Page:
The Kids book of World Religions by Jennifer Glossop is a great tool for parents explaining religion to a younger group of children (3-9).
The book is well illustrated and takes a light-hearted approach to explaining different types of religious views including Hinduism, Islam, Christianity and Sikhism. Basic information is given on each of these religions (book includes many more).
Information includes basic teaching, sacred places and events, religious leaders and scriptures. The book‘s well- illustrated pages make it exciting for a younger child to follow along.
If your audience is a little older, another great book is One World, Many Religions: The Ways We Worship by Mary Pope Osborne.
This is another book that shows the differences between major religious groups in our world.
The book will introduce six major groups and dedicates an entire chapter to that one group. This is great for any kids between 7 and 10.
There are many different organisations that can provide religious education to children of all ages and certainly in the UK there is a religious awareness built into all state school run curriculum. My daughter has certainly celebrated several different religious festivals in her first two years at school.
If you chose to teach your children about different belief systems and religions yourself, there are a few ground rules you want to follow in order to make sure you are coming across and indifferent and unbiased to the differences.
It may be a good idea to attend some religious services to give your kids a first hand experience of what happens and use the time and place to explain some of the aspects, totems, idols or tenets of the system. The key is to make it a fun outing rather than an enforced trip. I’m planning on taking my daughter to the local Sheikh temple soon and to show her how generous they are the way they provide free food to visitors and to explain some of what they believe and why.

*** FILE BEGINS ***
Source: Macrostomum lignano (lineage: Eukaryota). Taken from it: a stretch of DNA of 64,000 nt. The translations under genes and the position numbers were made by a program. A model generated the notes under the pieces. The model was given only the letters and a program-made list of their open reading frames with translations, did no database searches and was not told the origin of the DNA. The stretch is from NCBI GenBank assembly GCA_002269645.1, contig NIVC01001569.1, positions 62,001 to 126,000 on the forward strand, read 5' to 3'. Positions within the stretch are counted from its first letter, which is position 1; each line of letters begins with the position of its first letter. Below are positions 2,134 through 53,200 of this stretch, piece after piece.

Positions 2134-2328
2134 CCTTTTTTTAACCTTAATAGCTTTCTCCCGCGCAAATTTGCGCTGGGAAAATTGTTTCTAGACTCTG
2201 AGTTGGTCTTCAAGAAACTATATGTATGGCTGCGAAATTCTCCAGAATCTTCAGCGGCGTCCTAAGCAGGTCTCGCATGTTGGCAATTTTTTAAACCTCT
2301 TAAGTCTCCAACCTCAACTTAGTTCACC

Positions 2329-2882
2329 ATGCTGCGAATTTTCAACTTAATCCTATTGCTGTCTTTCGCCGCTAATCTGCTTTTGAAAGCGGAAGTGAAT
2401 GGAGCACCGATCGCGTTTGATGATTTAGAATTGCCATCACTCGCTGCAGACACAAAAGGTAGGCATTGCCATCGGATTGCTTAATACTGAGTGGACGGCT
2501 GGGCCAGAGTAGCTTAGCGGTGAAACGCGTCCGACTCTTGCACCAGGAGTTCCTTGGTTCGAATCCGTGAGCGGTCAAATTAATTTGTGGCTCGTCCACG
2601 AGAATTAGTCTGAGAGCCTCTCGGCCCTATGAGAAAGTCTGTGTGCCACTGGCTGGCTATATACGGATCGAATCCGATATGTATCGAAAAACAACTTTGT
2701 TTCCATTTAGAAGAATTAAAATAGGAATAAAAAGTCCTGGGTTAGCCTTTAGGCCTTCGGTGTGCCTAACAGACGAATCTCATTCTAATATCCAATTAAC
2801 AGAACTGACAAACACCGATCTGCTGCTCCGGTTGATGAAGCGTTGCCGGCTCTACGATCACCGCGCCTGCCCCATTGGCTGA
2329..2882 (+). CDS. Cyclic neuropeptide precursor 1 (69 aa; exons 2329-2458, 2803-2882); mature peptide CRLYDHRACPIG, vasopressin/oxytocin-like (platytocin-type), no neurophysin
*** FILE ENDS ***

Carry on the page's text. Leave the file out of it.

Make sure you’re as open minded and un-biased as possible when explaining and answering questions.
Children often mimic their parents (we are after all their best role models) so of course, if you hold a certain opinion they will surely follow.
It’s also recommended that with younger children you make them aware of what commonalities different religions have. This will help them understand that even though some aspects of faith are different, often times we have views that are alike.
Since religion is such an important subject, it’s important that you are comfortable with how it is being taught to your child. For an older crowd, many community colleges offer believe system classes that are usually open to people that just want to explore and not necessarily obtain a degree.
These are all great options for those wanting to explore with others since they are all classroom environments.
As you are going through the journey of teaching your child about the different types of religions around the world, it’s important to always remember to approach this with an open mind and allow for your child to explore and ask questions about the different types of faith.
However you decide to introduce them, it’s important that you keep an open mind and leave all prior thoughts and opinions out of the conversation.
You want to make sure that your child feels comfortable and is able to ask any questions they want without feeling bad for asking.
Reading children’s stories from books or even reciting them from memory are both excellent ways of sharing stories and making the most of story time but I recently came across a wonderful tool for making story telling a brilliant joint activity for my daughter and me.
I also thought that they’d make excellent Christmas presents for anyone with kids in the 5-10yr old range.
This is my daughter and I creating a story together using the story dice.
Flying back from a business trip to Dublin where I had spent a month working with an insurance company to map their business processes, I had to switch off my iPad for take-off and resorted to picking up the in-flight magazine for the airline.